6 Ways Your Digestion Can Affect Your Overall Health

BY Emily Lunardo TIMEDecember 17, 2018 PRINT

If you’re suffering from bloating, cramping, constipation, or diarrhea, you probably believe you have a digestion problem, but those symptoms can affect your health in ways not immediately related to digestion. Since the human body is highly interconnected, indigestion or digestion issues can be an underlying cause of several other conditions both physical and emotional.

Poor mood: An upset stomach can leave you feeling emotionally upset. Poor digestion can trigger irritability, low energy, and reduce overall happiness. There have been several studies to link gastrointestinal problems with psychological problems.

Poor skin: Inflammation triggered by food can show up on your face. Certain food intolerances may also trigger breakouts and skin lesions.

Poor self-confidence: When you’re battling stomach woes, you don’t feel like your confident self because you are too concerned with what’s going on inside your gut.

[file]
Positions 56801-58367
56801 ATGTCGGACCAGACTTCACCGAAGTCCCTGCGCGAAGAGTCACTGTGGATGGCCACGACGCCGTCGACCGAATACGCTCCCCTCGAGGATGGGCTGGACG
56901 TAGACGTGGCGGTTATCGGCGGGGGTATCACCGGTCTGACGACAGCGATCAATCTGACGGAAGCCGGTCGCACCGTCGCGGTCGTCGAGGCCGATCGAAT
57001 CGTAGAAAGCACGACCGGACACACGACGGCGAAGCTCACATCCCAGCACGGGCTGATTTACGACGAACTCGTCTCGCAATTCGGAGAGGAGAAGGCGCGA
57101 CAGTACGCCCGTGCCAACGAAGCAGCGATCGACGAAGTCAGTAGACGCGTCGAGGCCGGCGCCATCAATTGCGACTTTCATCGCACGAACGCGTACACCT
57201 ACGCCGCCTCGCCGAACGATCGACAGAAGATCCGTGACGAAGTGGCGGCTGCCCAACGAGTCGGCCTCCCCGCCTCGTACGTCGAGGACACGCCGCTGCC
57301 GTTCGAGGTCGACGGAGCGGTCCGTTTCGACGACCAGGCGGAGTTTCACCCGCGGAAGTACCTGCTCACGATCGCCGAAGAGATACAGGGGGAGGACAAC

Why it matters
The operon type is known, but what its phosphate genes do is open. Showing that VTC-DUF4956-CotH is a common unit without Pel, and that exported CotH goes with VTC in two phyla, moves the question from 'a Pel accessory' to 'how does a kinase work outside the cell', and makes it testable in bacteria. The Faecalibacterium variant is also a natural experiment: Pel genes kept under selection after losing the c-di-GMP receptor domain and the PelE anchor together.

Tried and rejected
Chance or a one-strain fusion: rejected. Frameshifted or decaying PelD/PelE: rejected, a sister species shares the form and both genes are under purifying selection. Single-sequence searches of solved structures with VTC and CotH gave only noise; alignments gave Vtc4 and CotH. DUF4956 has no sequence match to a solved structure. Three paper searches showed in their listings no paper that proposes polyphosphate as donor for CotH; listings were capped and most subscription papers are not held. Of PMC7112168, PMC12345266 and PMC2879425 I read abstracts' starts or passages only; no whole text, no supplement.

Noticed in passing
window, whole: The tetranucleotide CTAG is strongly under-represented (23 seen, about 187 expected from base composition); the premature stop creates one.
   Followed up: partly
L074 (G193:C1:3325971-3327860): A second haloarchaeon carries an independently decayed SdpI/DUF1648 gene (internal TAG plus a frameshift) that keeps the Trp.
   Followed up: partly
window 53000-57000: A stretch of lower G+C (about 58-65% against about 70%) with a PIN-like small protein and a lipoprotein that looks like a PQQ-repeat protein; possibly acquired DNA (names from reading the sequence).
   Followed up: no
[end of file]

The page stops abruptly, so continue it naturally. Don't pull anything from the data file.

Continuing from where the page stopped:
Poor joints: Sometimes your gut may be trying to tell you to stop eating a certain food. Having an undiagnosed food allergy or an autoimmune disease can cause digestion issues and even lead to chronic inflammation, which can wreak havoc on your joints.  If you have been battling joint pain with little to no explanation, it could be an underlying allergy or autoimmune disease.

Fear of food: If you don’t know what is causing your stomach issues, it can cause you to fear eating as food may trigger unpleasant symptoms. Avoiding foods can be problematic and can potentially lead to malnutrition. It’s important to uncover the exact triggers of your gastrointestinal symptoms as to not put your health at risk.

Poor immunity: Most of your immune system is located in your gut and if the balance in your gut is off then you have an easier chance of becoming ill.

If you’ve been battling digestive issues for quite some time with little to no relief, it’s important you speak to your doctor. You want to protect the other areas of your health that could be affected.

Emily Lunardo studied medical sociology at York University in Canada with a strong focus on the social determinants of health and mental illness. This article was first published on


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